How to Fix WordPress Being Stuck in Maintenance Mode
Maintaining your WordPress website is one way to keep nasty errors at bay. However, in some cases, carrying out active maintenance can cause an error. If something happens to disrupt site maintenance in its tracks WordPress will get stuck in maintenance mode. Fixing this issue isn’t intuitive.
However, WordPress has a simple fix to get your site back up and running again. You’ll need to access your site directly through the server. However, if you can traverse your computer’s files, you’ll have no worries.
In this post, we’ll show you how to fix WordPress getting stuck in maintenance mode. However, before this, let’s discuss the causes of the issue.
What Causes WordPress to Be Stuck in Maintenance Mode
For the uninitiated, WordPress puts itself into an inaccessible ‘state’ when carrying out automatic updates, plugin updates, and more. It’s called maintenance mode, and it’s something you usually have no knowledge of. This mode affects both the front and back ends of your site.
This isn’t necessarily an issue, and it can be helpful to keep errors at bay. However, there are a few instances where it will interject itself into your workflow:
- If there is a genuine compatibility issue that causes your site to be stuck in maintenance mode.
- Updating a lot of plugins or themes at once can keep your site stuck in maintenance mode for a while.
- If you close your browser tab during an automatic update, this can cause issues.
You’ll know there’s a problem, because once you access your site, you’ll be greeted by the “Briefly unavailable for scheduled maintenance. Check back in a minute.” message:
However, while it’s initially a reason to panic, there is an easy fix. Let’s take a look at how to get the job done.
How to Fix WordPress Being Stuck in Maintenance Mode
Before you begin, there are a few prerequisites you’ll need to have in place:
- Administrator access to your server, as you’ll need to navigate to the root directory.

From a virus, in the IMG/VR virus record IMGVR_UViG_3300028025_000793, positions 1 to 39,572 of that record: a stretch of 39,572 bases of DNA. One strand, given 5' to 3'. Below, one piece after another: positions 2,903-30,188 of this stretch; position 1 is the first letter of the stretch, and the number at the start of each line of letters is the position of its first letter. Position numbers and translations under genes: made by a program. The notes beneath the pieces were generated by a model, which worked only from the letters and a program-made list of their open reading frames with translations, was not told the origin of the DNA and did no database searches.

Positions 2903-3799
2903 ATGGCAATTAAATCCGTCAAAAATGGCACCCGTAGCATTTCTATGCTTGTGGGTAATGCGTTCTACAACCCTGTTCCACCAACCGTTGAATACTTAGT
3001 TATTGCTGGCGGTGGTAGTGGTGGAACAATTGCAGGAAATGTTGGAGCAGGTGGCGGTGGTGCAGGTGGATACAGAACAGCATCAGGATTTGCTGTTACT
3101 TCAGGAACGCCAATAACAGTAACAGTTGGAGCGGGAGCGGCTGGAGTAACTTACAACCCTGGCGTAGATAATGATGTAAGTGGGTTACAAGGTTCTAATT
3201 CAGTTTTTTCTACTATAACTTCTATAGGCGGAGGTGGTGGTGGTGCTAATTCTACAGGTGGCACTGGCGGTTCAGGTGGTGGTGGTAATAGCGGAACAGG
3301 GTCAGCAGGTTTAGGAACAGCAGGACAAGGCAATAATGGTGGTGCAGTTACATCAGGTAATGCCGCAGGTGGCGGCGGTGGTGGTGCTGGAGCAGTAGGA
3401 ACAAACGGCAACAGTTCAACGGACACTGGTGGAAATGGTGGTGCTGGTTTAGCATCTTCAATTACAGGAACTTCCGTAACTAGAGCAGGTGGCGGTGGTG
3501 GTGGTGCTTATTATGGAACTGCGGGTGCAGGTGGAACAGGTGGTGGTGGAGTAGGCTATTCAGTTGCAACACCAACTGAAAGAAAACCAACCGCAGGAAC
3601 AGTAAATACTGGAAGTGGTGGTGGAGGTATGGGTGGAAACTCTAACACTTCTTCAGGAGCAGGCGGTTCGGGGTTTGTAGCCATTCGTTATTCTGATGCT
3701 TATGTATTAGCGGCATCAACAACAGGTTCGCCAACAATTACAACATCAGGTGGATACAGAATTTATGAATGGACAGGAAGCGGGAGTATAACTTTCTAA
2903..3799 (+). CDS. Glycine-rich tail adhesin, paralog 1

- A Secure File Transfer Protocol (SFTP) client, such as FileZilla or Cyberduck.
- The necessary skills to use SFTP.
However, once you have these, the process is straightforward. Using your SFTP client, log into your server using the credentials found in your hosting control panel. They may also be in an email you received when you first signed up to your host.
When you’re in, you’ll see a list of your WordPress files and folders:
Next, find the folder for your site. It could be under www, public_html, or root. Alternatively, it’ll be in a folder named after the site. Regardless, once you’ve found the directory, enter it and look for a file named maintenance.
This is a temporary file created by WordPress to help with the update process, and if it’s left on your server, it causes your site to become inaccessible.
Thankfully, deleting this file and heading to your site should get you back online. If you’re still not seeing your site, there are two additional steps to take:
- Clear your browser cache.
- Check for a compatibility issue with your current site and the update you’re trying to complete.
Again, check your site once you’ve implemented these additional steps. However, at this point, you should be back up and running!
How to Prevent WordPress Being Stuck in Maintenance Mode In the Future
Of course, fixing WordPress getting stuck in maintenance mode is all well and good. However, preventing it happening in the future is even better. As such, there are three items on your to-do list to stop WordPress being stuck in maintenance mode going forward:
- Make sure your browser remains open when carrying out updates.
- Ensure that any plugins you’re updating are compatible with your site’s current setup.
- Update plugins and themes in batches, to minimize any issues with WordPress’ maintenance mode.
Keeping the error at bay offers no 100 percent guarantee; however, this should be enough to keep WordPress from getting stuck in maintenance mode unless there is more of a major issue you need to take care of.
There are a few niggly errors and issues in WordPress that are simple to fix, but not intuitive to diagnose. WordPress getting stuck in maintenance mode is one of them, and most users aren’t even aware this site state is active.
In this post, we’ve discussed WordPress getting stuck in maintenance mode, and shown you how to fix it. It’s simply a case of accessing your site through SFTP, and deleting the temporary file created when WordPress uses maintenance mode. Once it’s gone, your site will be back up and running.
If you’d like to leave WordPress maintenance to the experts, check out our ongoing 24/7 WordPress support, updates, and maintenance plans!
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